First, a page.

I hope this helps to make it a bit clearer

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Hi Warren,

Thank you for your quick response.

Please help me clarify that if story sizing cannot be used for planning of the sprint, then what is the use of story points?

Our projects have adhoc tasks also, despite of just 2 weeks sprint. We do not want to measure velocity of a sprint, that is, we do not want to know how many stories were covered in a sprint. Instead we will be using cycle time to measure team's performance.

I fail to understand the use to story points wrt sprint planning.

Story points are used by the development team as a way of identifying the relative size and complexity of a deliverable based on previous work they have done.

As time passes, a team will establish a "velocity", the average number of story points they complete per sprint.  Note that each sprint should only count the story points of items that actually meet the definition of done, there is no partial credit for half-done things.

A product owner can use the team's velocity to create an approximate roadmap of how much of the backlog can be completed each sprint to provide stakeholders with an estimate of when a feature could potentially be released.

Story points can also be used as a conversation starter piece between the dev team and product owner/customer.  e.g. If the deliverable the customer is requesting with all of the features/acceptance criteria is causing the dev team to point the backlog item high, negotiating with the customer to identify if any features are "gold plating" that could be removed may help reduce the points associated with the backlog item and thus reducing costs while increasing the potential for the item being completed in its forecasted sprint.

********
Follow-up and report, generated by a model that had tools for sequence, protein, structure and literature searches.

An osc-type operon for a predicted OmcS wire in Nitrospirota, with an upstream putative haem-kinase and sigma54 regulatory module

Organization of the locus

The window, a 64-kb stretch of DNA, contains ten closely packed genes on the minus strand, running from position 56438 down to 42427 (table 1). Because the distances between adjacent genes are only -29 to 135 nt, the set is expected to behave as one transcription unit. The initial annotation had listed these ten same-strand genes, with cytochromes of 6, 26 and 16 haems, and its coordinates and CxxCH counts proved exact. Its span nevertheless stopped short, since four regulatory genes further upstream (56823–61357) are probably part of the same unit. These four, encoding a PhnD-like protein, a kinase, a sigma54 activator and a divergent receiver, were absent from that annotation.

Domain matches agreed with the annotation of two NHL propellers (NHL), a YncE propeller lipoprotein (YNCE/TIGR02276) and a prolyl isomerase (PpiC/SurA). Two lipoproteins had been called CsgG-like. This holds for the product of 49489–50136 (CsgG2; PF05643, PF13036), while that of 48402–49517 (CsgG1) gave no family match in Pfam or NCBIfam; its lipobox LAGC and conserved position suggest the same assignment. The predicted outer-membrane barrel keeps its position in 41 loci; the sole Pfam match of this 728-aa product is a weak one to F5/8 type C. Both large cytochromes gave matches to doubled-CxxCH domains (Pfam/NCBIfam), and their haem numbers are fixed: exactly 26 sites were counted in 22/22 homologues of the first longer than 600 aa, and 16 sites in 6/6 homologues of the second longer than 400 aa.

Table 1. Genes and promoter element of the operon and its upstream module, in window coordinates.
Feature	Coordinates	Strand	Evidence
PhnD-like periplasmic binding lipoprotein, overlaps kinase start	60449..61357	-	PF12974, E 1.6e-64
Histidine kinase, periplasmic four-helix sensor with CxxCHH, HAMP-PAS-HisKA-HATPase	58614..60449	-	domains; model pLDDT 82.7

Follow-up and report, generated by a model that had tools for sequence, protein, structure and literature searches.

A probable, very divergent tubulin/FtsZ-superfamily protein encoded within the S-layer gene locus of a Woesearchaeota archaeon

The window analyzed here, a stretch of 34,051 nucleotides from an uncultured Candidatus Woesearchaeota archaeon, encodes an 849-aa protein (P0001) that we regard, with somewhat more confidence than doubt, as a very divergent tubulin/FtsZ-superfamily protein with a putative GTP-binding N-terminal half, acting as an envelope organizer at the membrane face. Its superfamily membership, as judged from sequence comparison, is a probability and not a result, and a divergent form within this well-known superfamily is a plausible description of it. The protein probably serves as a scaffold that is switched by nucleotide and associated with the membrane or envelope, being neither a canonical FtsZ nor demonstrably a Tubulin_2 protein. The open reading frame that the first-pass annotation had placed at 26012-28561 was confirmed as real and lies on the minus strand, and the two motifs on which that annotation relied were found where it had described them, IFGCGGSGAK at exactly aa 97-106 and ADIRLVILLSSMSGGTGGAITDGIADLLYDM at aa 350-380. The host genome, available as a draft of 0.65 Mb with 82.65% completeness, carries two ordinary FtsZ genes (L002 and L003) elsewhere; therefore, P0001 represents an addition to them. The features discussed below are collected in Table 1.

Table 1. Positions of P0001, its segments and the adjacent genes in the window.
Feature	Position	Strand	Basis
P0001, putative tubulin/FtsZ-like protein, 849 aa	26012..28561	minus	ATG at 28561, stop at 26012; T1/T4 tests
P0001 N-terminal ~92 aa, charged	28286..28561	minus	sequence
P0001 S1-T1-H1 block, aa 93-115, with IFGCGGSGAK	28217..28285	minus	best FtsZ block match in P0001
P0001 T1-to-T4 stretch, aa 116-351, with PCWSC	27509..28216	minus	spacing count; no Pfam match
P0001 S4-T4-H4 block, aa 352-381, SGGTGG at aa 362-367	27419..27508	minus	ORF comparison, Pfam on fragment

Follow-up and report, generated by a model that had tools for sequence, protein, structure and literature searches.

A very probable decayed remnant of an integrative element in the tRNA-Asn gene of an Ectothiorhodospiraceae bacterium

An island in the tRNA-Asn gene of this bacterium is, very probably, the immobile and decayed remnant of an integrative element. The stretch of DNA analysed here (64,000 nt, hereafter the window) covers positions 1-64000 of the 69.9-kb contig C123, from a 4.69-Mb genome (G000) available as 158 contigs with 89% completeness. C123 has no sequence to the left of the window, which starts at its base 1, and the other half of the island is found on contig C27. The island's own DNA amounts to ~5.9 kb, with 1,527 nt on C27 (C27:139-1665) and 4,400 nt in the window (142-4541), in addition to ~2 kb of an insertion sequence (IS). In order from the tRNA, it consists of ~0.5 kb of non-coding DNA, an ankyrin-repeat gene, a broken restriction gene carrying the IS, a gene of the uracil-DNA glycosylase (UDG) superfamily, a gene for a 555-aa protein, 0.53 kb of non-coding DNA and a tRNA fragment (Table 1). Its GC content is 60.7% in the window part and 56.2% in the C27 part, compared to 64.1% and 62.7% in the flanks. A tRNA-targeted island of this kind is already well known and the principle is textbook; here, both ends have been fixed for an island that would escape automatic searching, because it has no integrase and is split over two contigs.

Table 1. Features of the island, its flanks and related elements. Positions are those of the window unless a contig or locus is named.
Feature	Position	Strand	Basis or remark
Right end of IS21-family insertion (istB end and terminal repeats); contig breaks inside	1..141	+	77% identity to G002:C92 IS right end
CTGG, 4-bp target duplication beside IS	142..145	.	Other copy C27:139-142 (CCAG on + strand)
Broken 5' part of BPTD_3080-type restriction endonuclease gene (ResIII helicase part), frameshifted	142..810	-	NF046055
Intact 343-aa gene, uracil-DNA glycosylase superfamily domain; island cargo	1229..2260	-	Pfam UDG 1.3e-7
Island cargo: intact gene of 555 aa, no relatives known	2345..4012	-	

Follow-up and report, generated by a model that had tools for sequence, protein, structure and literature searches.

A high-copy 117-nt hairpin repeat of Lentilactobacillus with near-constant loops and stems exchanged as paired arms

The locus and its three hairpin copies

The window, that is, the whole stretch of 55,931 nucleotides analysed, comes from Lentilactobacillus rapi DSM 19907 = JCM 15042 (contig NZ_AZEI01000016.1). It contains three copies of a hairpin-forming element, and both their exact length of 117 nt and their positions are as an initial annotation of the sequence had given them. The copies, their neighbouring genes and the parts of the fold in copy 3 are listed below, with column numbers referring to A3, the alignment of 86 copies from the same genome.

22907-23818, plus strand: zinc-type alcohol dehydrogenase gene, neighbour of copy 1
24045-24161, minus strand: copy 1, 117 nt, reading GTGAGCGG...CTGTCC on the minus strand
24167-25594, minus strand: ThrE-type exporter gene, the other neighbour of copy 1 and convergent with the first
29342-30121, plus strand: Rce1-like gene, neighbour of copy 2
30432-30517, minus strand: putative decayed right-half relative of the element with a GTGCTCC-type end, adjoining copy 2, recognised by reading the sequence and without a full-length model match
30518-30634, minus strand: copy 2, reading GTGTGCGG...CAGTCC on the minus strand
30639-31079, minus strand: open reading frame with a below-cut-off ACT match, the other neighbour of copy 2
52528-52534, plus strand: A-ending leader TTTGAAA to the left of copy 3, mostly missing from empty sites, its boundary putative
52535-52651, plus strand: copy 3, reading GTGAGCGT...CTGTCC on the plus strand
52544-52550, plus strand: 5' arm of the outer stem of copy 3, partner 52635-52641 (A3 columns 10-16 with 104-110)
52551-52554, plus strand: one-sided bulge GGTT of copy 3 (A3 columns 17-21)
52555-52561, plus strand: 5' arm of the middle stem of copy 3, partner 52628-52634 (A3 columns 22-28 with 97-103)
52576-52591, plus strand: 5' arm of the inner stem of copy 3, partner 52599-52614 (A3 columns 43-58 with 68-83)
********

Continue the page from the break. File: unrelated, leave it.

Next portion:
There's a danger in attempting to associate story points into hours especially if you are working with multiple teams.  The way each team associates story points to a backlog item will be unique based on multiple factors, including: type of work being consumed by the team, the team's ability level, and how a team has previously scored backlog items.  By associating hours with the story points, it can create the false realization that one team is working harder than another or is producing more than another.

On a side note, I actually prefer to use throughput over velocity for forecasting and road mapping.  The difference is that throughput is simply counting the number of backlog items completed each sprint vs. summing the amount of story points completed each sprint. I tracked the data for over a year and found that there was minimal variance in the throughput of the dev team from sprint-to-sprint where as the amount of story points completed each sprint could vary greatly.

# people like this

Hi, every brand's t-shirt size differs at least 1 or 1.5 In than other brands. but the main thing to consider while finalizing size is the height of the consumer. usually, a small size t-shirt is made for a 5.5ft-5.7ft person and large size is made for a 6.4ft.